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FedHealthIT’s Executive Vice President, Susan Sharer sat down recently with Cesar Tavares, Octo Consulting’s Sr. Director of Technology, to discuss a recent blockchain initiative at HHS.

What was the Project?

The genesis of this came from a Government-wide Department of Homeland Security’s Continuous Diagnostics & Mitigation (CDM) directive that asked agencies to implement security monitoring in the hopes of strengthening security postures.

There are multiple ways agencies could act on this directive, like implementing an auditing process or a dashboard able to identify issues. At the Department of Health & Human Services (HHS) specifically, Chief Technology Officer Oki Mek and Chief Information Officer Jose Arrieta, are spearheading the Agency’s efforts to leverage emerging technologies that can help solve multiple challenges with one solution, and there was an opportunity to apply our expertise with blockchain.

How does it Work?

CDM relies heavily on log data, and as part of its process looked at specific use cases with HHS’ consolidated acquisition solution, especially those dealing with its log auditing. As any technologist can tell you, every computer generates logs that help determine what happened at any given point. The challenge with this process is that a small percentage of these logs can be corrupted or have inconsistencies or vulnerabilities. If the data from these logs cannot be trusted, that could lead to damaging security vulnerabilities and unreliable CDM reports.

When we sat down and conducted human centered-design (HCD) we found that employees at higher levels within the Agency thought they were getting what they needed from the process, but as we went through the organization chart and spoke with HHS’ information security officers, we heard they were spending weeks and months chasing down a small amount of identified issues, sometimes never knowing definitively what actually happened when they could have been focusing their time on the larger picture.

Our vision was to create a quick source of truth and usability to ensure logs couldn’t be changed; that they were available in real-time, at a low impact and cost, and of course, that they were secure. Ultimately, we wanted to roll out a trusted system.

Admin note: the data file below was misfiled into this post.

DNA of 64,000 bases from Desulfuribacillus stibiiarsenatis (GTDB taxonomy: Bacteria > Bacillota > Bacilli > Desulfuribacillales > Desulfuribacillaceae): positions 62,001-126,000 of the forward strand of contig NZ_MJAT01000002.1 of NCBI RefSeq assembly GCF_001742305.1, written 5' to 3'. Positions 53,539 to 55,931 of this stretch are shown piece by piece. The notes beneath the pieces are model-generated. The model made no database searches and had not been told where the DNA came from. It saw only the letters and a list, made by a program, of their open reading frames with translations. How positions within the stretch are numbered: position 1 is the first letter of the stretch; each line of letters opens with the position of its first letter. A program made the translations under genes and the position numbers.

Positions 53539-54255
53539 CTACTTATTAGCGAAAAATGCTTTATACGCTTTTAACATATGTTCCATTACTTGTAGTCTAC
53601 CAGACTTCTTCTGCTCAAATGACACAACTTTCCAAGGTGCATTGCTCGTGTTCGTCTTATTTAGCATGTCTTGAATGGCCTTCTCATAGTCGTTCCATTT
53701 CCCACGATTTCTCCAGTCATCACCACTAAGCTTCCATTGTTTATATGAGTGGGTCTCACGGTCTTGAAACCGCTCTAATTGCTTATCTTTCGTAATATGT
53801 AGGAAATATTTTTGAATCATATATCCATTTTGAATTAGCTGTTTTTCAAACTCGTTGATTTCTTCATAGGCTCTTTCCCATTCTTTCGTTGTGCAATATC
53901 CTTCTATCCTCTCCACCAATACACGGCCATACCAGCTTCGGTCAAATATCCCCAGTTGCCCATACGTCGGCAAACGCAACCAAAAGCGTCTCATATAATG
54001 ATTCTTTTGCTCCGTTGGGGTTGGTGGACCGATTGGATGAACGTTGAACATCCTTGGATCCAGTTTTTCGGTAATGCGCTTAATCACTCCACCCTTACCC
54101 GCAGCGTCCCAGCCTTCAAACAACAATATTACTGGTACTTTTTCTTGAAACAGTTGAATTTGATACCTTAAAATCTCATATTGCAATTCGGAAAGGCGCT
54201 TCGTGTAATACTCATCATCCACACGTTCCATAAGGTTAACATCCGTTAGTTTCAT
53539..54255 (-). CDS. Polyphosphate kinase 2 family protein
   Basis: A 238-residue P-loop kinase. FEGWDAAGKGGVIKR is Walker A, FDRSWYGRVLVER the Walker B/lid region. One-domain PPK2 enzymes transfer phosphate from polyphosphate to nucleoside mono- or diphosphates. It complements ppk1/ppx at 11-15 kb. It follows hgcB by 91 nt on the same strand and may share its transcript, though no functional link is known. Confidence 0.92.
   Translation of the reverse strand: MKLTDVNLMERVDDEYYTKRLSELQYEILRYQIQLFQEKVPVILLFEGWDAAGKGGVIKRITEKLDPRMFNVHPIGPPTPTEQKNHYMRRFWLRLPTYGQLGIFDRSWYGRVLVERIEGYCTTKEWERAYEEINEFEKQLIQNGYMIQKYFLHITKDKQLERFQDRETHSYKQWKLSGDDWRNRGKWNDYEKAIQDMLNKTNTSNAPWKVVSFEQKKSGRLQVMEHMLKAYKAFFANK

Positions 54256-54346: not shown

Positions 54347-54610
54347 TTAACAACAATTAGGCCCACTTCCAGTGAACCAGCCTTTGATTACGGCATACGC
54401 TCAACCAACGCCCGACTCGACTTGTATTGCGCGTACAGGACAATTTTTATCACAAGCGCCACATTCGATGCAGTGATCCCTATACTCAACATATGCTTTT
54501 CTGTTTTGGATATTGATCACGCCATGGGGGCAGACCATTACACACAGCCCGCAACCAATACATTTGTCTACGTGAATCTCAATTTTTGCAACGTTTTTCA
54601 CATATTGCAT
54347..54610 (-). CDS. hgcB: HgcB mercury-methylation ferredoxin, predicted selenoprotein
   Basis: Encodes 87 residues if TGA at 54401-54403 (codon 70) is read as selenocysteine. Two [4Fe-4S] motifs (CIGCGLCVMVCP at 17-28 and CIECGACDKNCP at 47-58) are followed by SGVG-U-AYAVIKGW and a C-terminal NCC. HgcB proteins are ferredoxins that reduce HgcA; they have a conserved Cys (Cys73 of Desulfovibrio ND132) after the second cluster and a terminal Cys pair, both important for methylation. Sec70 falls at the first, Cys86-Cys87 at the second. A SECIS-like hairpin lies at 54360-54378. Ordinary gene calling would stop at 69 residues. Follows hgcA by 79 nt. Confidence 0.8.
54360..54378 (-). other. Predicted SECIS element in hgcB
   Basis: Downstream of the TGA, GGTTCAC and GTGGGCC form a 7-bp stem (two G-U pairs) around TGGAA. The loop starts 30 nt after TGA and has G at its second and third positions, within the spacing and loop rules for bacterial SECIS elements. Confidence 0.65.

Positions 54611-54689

Blockchain creates Logchain

Using blockchain to analyze transactions, we were able to track what was deleted or updated, by whom the changes were made and on what machine, and in so doing, we created Logchain. The real power of blockchain is the usability and the distributed nature of the data. The idea is for HHS to have the power to add other customers or programs through nodes that will ultimately develop an economy of log assets. Having this, agency leaders can always know what happened during a transaction, which has the potential to be implemented enterprise-wide through this blockchain network.


There are still some policies in place that need to be adapted to allow for connecting different network nodes, and there are still some technical challenges ahead, but this project is a great start. The story showcases the capability that is there and can be applied in different use cases.

There is great potential for a lot of technologies, but you don’t know what you don’t know. To learn what works for your organization you have to test the unknown, to put these technologies in place, allow your team to try them and to let them evolve. Fortunately, HHS has leaders like Oki and Jose who are willing to take the risk required to push their organization forward.

About Cesar Tavares

Cesar Tavares is Senior Director of Technology and Innovation at Octo, where he helps federal customers in their IT modernization efforts to implement emerging technologies such as blockchain, AI, ML, DevSecOps, and others. In particular, he is passionate about blockchain and its potential to transform government processes and systems in order to become more agile, innovative and disruptive. He has more than 20 years of experience in both the federal and commercial space with a client list that includes GSA, USDA, FDIC, USCIS, Cigna, Anthem, WarGaming, Motorola, Nike, and AOL.

About Octo

A premier provider of technology solutions, Octo empowers federal agencies to modernize faster. It specializes in Agile scalable software development, user experience design, and cloud solutions tailored to meet the unique needs of federal agencies. Known for challenging the status quo and exploring new ways to deliver value, Octo builds flexible IT solutions that evolve with missions, delivering results that last. 



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